The patent on CRISPR has been the fulcrum off a decade-long legal fight after the Broad Institute, a research center in Cambridge, Massachusetts, snatched rights to the most important uses of the gene-editing tool in 2014.  

Broad’s patent claims have been opposed by the University of California, Berkeley, which says researchers Jennifer Doudna and Emmanuelle Charpentier are the tool’s true inventors. The pair won a Nobel Prize in 2020 for their work on the technology.

An exclusive license to the Broad Institute patent was previously sold to Editas Medicine, a competing CRISPR editing company, which has its own treatment for sickle-cell disease in the works.

Under an agreement with Editas announced today, Vertex agreed to pay it $50 million and annual fees of between $10 million and $40 million a year until 2034, when the patent expires. Of this money, the Broad Institute and Harvard University, whose employees are listed on key patent claims, will receive a percentage in the “mid double digits.”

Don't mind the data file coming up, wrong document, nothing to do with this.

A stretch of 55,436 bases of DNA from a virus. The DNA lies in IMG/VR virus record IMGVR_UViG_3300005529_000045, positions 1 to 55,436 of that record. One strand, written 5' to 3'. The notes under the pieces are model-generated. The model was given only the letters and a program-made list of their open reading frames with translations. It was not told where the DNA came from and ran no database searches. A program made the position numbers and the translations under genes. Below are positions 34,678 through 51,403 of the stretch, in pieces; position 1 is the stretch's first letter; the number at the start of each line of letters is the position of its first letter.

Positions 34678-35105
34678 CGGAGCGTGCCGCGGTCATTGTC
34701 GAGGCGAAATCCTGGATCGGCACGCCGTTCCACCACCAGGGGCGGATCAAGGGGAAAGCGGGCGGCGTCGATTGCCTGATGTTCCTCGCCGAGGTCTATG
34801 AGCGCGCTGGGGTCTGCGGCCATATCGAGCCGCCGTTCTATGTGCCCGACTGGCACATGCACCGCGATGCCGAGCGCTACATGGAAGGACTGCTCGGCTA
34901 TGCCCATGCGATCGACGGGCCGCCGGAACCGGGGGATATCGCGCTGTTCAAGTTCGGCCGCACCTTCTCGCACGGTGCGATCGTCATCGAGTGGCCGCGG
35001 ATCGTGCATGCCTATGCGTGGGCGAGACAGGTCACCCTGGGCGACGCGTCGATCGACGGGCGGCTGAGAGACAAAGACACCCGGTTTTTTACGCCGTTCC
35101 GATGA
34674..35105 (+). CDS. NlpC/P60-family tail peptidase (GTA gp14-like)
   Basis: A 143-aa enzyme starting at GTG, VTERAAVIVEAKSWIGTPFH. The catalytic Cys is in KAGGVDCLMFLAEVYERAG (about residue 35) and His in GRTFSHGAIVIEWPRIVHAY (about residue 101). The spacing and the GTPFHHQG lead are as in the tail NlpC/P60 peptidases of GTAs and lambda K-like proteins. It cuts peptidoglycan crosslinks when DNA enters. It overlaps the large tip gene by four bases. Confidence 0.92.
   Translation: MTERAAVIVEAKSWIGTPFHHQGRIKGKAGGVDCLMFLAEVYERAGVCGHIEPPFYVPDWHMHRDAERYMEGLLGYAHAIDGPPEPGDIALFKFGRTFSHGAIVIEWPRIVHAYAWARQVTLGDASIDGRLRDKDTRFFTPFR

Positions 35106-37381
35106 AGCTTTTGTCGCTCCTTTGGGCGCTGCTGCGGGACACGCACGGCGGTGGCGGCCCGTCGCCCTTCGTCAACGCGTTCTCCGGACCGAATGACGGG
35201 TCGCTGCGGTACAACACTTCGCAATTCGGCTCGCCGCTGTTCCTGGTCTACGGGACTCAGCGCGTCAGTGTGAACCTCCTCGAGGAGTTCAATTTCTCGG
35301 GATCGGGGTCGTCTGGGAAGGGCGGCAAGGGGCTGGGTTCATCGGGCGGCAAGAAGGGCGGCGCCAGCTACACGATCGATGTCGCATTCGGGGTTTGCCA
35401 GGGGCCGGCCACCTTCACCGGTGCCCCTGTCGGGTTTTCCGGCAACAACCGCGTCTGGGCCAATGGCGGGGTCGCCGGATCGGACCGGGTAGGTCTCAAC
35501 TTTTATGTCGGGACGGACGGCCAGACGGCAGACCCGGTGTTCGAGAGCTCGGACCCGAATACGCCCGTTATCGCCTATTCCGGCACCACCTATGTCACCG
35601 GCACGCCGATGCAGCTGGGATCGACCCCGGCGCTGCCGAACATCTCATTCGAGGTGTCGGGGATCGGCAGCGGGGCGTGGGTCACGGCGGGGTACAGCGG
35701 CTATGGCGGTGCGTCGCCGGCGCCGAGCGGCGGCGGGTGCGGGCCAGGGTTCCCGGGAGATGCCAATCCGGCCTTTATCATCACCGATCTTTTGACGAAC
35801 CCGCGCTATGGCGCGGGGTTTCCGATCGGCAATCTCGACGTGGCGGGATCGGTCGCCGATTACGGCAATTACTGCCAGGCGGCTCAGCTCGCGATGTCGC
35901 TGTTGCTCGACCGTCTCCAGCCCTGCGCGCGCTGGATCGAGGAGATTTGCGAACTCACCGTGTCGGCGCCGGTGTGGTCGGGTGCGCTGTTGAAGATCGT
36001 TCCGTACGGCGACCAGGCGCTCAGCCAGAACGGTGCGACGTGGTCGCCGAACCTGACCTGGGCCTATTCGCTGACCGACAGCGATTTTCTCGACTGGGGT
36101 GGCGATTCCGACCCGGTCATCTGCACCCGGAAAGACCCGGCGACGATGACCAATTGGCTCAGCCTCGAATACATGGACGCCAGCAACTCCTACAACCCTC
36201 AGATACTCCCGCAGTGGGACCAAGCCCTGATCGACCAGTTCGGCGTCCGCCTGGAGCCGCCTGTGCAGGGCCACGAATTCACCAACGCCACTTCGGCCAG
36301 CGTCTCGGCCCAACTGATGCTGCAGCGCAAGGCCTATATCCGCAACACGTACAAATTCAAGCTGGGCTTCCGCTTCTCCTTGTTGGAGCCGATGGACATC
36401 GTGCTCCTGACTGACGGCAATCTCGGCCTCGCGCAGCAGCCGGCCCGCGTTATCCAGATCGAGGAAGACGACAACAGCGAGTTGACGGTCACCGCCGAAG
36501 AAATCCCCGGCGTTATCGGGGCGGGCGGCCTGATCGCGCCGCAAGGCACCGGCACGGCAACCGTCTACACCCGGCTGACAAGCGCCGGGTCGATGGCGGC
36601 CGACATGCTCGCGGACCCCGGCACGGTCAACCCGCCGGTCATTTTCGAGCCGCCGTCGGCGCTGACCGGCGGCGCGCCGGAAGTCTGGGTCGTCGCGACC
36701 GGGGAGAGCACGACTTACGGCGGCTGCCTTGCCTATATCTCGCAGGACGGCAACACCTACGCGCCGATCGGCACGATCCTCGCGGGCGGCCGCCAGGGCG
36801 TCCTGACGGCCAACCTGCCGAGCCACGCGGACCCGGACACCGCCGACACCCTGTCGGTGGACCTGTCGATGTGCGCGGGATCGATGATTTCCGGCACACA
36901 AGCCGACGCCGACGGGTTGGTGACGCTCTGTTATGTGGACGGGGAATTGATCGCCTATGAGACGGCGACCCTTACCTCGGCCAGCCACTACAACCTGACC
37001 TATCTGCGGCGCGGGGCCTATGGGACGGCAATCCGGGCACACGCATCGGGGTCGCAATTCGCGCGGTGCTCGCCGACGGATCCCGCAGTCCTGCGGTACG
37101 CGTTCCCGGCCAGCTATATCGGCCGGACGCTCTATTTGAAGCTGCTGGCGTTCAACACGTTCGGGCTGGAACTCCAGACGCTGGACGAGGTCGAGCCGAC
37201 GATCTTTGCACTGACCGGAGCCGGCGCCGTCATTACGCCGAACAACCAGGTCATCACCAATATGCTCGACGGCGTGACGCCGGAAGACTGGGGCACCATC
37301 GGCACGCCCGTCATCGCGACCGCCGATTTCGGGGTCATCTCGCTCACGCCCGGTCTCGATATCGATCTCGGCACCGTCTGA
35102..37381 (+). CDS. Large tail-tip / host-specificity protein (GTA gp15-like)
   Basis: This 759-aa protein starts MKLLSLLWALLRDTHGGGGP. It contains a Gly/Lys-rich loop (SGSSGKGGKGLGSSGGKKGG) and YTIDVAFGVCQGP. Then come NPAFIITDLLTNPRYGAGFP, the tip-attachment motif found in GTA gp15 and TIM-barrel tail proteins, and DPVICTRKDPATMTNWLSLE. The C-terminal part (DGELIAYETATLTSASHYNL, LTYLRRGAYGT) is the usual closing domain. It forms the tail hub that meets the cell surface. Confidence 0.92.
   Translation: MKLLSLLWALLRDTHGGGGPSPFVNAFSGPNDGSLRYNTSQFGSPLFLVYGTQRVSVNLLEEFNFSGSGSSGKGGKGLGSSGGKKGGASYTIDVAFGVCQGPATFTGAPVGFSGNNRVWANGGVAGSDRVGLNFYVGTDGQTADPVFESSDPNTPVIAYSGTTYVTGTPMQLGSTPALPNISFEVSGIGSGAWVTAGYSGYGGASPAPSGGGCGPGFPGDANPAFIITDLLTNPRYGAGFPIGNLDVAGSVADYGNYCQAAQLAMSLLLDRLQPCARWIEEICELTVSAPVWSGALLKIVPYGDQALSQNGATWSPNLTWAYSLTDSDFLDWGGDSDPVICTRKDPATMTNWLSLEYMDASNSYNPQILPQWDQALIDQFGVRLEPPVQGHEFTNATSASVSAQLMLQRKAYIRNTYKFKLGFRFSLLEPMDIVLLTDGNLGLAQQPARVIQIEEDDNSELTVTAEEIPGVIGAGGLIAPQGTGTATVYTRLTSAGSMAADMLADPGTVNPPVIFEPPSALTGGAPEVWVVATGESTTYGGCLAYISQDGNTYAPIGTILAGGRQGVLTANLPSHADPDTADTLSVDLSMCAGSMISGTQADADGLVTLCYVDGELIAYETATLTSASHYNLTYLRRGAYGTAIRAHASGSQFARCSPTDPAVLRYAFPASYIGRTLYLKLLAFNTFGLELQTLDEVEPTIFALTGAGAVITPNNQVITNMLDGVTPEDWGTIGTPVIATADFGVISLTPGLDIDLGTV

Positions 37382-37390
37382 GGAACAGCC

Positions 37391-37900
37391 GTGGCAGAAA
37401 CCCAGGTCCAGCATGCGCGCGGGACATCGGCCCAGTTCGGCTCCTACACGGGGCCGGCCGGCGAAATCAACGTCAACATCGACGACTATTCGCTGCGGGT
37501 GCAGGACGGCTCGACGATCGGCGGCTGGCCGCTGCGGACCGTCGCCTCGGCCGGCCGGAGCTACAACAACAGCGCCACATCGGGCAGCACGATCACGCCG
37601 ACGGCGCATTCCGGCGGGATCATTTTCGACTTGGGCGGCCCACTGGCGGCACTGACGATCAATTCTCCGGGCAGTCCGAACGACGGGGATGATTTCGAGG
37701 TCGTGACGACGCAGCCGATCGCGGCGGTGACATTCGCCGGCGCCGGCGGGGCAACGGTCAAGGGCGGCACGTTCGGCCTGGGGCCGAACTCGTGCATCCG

In our Checkup newsletter two weeks ago, we predicted that the patent issue could come to a head, but some researchers told us a lawsuit was unlikely, because it would stand in the way of cures.

Reached for comment last week, David Altshuler, the head of research at Vertex, said the company was “confident in our patent position.” By that time, however, he likely knew a deal was close and that Vertex would gain rights to use the Broad patents.

Before joining Vertex in 2015, Altshuler was a senior deputy at the Broad Institute, even sharing an office area and lab space with Feng Zhang, the center’s key CRISPR scientist, whose name is on the patent (and who also contributed to early work on the sickle-cell treatment). Given that background, some observers believed a settlement was likely.

A Vertex spokesperson declined to comment on the arrangement. In a press release, Editas said the windfall would allow it to finance its operations through 2026.

It’s not yet clear if the license agreement points to an end of the fierce patent fight between Broad and Berkeley. That has been continuing before a US patent court, with Berkeley still trying to overturn its rival’s claims.

“This license does not seem to end the decade-long dispute between Doudna and Zhang,” says Jacob Sherkow, a professor at the University of Illinois College of Law. “Is it going to end, or is this license just a one-off?”


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